The Adelaide Parklands are one of the treasures of South Australia, and have been recognised by the Australian government with a National Heritage Listing. The 7.6 square km green space in the parklands is one our favourite Adelaide attractions, with many playgrounds, sports fields, and recreational spaces for a huge variety of different types of activities.
Within the parklands there are 27 separate parks which are all individually numbered and named, and many of us have only visited a few of the more popular parks. While I have written about the indigenous art trail at Wirrarninthi (Park 23) and the prematurely born urban forest at Narnungga (Park 25), I haven't visited most of the parks north of Adelaide CBD.
When the Adelaide Parkland Preservation Association (APPA) recently announced a free guided walk through Nantu Wama (Park 6), I was quick to take up their offer. Accompanied by a friend and my two dogs, it was a wonderful way to spend a Sunday afternoon exploring new places in Adelaide. It was only later that I realised I had forgotten to bring a gold coin donation, which I will have to remedy another time.
Our visit to Park 6 in North Adelaide was an eye opener for me. I had no idea that the area was popular with horse riders, and has been used this way for many years. Our group walked at a leisurely pace along old bridle paths, listening to stories from knowledgeable guide Shane of Adelaide parklands history, and how they have changed over the years. A stop at the John Glover playground was popular with the younger members of the group, but my dog was less happy about meeting horses up close.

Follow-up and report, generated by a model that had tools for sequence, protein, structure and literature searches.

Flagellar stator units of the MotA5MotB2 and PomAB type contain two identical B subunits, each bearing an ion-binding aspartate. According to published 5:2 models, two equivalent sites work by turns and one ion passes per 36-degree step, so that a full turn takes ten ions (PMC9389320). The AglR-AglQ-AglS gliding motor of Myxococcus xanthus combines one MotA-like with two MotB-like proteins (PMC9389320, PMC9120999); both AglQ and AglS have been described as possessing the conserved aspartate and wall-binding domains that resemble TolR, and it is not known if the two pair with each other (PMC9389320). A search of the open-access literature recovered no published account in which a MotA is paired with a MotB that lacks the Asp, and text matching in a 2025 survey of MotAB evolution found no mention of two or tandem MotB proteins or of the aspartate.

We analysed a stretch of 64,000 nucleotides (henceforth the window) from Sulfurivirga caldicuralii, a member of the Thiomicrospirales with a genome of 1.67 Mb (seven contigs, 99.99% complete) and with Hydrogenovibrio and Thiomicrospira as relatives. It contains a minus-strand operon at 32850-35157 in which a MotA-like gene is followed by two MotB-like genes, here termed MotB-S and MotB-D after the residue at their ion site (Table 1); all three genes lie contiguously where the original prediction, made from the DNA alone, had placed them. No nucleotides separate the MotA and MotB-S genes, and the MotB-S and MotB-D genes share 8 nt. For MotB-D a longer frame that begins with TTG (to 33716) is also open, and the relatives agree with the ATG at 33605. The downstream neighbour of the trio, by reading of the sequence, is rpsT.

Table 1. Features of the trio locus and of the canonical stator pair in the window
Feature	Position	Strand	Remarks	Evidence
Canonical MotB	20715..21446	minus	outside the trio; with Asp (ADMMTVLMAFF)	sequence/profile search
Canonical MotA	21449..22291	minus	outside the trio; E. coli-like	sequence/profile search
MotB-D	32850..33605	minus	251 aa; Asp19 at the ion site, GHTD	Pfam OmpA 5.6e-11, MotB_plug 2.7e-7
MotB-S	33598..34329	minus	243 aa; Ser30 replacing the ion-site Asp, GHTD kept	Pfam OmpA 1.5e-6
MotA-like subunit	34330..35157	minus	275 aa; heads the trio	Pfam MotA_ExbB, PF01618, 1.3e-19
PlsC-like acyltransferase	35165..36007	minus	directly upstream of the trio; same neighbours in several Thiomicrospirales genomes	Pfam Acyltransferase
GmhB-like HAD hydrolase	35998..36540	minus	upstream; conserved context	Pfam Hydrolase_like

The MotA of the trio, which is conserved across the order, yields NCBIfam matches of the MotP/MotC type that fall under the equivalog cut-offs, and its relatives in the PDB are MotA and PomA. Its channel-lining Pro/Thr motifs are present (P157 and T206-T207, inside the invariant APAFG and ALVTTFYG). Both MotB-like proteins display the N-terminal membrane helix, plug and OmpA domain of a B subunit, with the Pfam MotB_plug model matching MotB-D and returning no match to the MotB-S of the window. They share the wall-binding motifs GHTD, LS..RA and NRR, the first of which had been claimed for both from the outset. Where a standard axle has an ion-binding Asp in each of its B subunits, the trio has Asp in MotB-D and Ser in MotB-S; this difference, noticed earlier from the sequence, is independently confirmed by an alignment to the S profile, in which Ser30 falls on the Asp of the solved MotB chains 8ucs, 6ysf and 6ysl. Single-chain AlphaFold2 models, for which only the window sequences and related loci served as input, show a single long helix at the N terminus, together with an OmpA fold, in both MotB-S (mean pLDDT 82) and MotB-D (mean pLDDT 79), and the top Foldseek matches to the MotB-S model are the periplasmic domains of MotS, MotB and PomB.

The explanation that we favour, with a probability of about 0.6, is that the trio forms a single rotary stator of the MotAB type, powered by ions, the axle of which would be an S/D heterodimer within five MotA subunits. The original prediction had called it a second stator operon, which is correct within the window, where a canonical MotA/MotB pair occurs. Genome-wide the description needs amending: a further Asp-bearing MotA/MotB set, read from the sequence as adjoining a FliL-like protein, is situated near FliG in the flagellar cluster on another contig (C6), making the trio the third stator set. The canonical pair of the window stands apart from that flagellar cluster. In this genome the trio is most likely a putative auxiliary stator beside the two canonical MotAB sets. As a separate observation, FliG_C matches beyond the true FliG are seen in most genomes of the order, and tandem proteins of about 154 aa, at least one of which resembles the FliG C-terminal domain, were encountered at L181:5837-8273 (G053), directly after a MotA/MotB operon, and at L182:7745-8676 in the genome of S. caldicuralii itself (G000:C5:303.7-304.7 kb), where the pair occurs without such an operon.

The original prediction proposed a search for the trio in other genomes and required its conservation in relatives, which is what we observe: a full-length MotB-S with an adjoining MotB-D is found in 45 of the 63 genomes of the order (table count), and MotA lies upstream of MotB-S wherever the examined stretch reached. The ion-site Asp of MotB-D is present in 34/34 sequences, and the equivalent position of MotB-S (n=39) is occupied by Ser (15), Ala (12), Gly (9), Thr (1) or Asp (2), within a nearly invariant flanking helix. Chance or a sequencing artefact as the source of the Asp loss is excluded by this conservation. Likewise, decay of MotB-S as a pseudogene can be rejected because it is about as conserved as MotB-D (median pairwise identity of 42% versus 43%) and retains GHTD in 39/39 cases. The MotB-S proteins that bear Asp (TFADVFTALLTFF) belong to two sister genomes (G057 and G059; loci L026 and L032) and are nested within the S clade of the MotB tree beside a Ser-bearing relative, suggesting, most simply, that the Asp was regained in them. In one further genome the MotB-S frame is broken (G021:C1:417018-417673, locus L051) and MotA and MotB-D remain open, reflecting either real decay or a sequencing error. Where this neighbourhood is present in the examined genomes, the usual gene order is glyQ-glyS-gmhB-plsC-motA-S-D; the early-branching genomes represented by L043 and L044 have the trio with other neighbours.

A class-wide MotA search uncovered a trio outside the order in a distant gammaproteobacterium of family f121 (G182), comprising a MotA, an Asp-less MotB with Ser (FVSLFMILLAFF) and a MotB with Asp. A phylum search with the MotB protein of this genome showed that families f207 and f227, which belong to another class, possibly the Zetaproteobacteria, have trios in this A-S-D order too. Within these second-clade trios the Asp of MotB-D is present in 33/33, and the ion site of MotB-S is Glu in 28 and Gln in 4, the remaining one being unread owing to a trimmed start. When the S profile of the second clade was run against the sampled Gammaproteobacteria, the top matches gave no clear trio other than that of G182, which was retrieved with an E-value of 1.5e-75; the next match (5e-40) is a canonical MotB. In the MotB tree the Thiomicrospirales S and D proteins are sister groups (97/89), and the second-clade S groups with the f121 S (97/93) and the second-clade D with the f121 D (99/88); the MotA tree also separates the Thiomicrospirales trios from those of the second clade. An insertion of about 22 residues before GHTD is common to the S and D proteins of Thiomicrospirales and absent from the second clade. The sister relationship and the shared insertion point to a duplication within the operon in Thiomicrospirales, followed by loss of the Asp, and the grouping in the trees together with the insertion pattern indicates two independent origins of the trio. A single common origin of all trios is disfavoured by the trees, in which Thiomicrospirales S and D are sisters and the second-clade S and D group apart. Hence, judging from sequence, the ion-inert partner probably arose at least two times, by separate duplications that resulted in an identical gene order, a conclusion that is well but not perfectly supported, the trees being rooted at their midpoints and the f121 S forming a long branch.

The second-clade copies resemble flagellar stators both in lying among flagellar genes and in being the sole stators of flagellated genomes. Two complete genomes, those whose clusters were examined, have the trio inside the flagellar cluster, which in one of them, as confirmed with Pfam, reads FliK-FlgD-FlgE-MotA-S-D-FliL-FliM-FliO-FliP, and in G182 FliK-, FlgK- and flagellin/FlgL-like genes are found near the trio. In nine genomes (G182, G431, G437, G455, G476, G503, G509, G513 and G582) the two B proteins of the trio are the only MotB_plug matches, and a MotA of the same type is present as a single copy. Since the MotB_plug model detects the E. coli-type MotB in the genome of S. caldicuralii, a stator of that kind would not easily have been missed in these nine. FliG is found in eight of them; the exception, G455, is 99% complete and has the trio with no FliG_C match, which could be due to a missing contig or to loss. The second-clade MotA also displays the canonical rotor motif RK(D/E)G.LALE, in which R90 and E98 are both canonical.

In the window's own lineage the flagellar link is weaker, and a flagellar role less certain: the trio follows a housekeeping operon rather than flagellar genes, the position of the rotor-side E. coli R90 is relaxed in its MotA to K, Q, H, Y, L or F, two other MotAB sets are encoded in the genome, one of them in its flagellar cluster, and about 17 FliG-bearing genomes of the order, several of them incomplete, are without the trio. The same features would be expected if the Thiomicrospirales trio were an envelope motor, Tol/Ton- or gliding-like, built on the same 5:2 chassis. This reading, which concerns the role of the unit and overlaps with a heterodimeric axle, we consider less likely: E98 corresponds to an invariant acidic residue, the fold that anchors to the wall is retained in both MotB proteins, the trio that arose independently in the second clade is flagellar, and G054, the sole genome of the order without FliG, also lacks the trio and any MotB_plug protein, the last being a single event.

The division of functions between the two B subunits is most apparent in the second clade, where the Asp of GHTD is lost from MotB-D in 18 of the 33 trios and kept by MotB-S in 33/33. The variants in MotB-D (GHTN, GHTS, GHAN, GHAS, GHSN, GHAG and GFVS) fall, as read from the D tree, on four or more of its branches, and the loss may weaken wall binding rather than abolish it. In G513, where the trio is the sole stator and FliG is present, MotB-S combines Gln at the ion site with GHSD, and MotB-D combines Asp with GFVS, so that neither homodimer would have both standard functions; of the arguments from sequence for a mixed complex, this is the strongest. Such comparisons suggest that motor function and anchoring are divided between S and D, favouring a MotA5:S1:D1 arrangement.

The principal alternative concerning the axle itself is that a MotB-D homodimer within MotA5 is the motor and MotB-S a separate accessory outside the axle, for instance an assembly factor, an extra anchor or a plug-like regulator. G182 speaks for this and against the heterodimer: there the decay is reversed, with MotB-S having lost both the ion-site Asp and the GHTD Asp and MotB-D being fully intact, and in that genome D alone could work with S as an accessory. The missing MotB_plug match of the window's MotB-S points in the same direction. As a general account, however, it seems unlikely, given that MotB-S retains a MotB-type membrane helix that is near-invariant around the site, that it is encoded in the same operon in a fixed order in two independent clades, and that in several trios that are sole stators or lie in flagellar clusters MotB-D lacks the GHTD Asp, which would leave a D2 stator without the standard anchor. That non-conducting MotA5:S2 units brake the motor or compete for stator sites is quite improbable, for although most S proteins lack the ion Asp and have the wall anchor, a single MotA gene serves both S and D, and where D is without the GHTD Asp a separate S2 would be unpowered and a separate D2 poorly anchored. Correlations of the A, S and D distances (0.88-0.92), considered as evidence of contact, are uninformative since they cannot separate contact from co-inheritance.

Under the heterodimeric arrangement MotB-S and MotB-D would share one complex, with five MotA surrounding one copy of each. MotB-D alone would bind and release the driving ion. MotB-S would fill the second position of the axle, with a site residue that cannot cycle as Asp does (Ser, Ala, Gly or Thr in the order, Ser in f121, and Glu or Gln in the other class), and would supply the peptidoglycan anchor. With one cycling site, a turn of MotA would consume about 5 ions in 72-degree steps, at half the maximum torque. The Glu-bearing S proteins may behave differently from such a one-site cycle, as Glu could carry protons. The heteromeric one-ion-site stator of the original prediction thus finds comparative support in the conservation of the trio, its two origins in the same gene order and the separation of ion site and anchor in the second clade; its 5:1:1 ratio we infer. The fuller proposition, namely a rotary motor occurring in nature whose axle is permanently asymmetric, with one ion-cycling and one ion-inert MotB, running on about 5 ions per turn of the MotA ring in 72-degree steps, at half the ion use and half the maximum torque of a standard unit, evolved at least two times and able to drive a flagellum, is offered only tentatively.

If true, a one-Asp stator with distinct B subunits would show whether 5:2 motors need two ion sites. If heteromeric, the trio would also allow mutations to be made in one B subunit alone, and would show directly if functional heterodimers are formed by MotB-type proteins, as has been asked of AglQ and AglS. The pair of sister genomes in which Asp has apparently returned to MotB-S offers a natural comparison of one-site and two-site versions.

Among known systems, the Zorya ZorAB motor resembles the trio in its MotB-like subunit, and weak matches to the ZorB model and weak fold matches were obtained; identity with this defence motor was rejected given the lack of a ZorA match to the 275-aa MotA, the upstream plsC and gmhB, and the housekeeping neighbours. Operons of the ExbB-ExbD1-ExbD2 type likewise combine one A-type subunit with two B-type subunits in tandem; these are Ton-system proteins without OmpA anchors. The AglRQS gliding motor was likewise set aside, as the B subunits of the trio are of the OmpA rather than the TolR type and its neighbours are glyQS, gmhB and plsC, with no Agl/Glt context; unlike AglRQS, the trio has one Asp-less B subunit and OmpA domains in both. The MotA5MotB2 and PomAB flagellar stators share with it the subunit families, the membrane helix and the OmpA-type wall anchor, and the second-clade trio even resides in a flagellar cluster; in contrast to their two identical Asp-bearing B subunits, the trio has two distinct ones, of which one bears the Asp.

Will You See a New Holland Honeyeater on Your Adelaide Parklands Walk?
The Adelaide Parkland Preservation Association is holding a series of new guided walks in many parks of the Adelaide parklands. From Karrawirra (Park 12) on the banks of the River Torrens to the floral splendour of Veale Gardens in Walyu Yarta (Park 21), and the popular Victoria Park precinct (Park 16), there is a varied choice of guided walks available.
These walking tours are led by APPA's Park Ambassadors, who are all volunteers that have adopted their favourite parks in Adelaide. Each walk will be quite different but you will discover some unusual, interesting or quirky facts about parklands history.
What you will hear on these walking tours are interesting facts about the parklands, why some plants are important, what's special about the significant trees, where to find good bush tucker, and why this magnificent green space is good for Adelaide. See a new creative play space, get lost in an urban forest, and wander where Adelaide's riflemen once practised.
Fruit and Vegetables Grown in the Walyu Yarta Community Garden
It's a great opportunity to meet some of the parklands inhabitants too, so bring your camera in case you see some of the native birds and animals that we share the parklands with. Learn more about the native flora, and how some of the original Adelaide woodlands can still be found in places.
Bookings for the free guided walks aren't necessary, just show up (with your gold coin donation) for the parks that interest you. Children and dogs (on a lead) are both welcome. You will find details of the Adelaide Parkland Preservation Association guided walks on their Facebook events page, and on their website.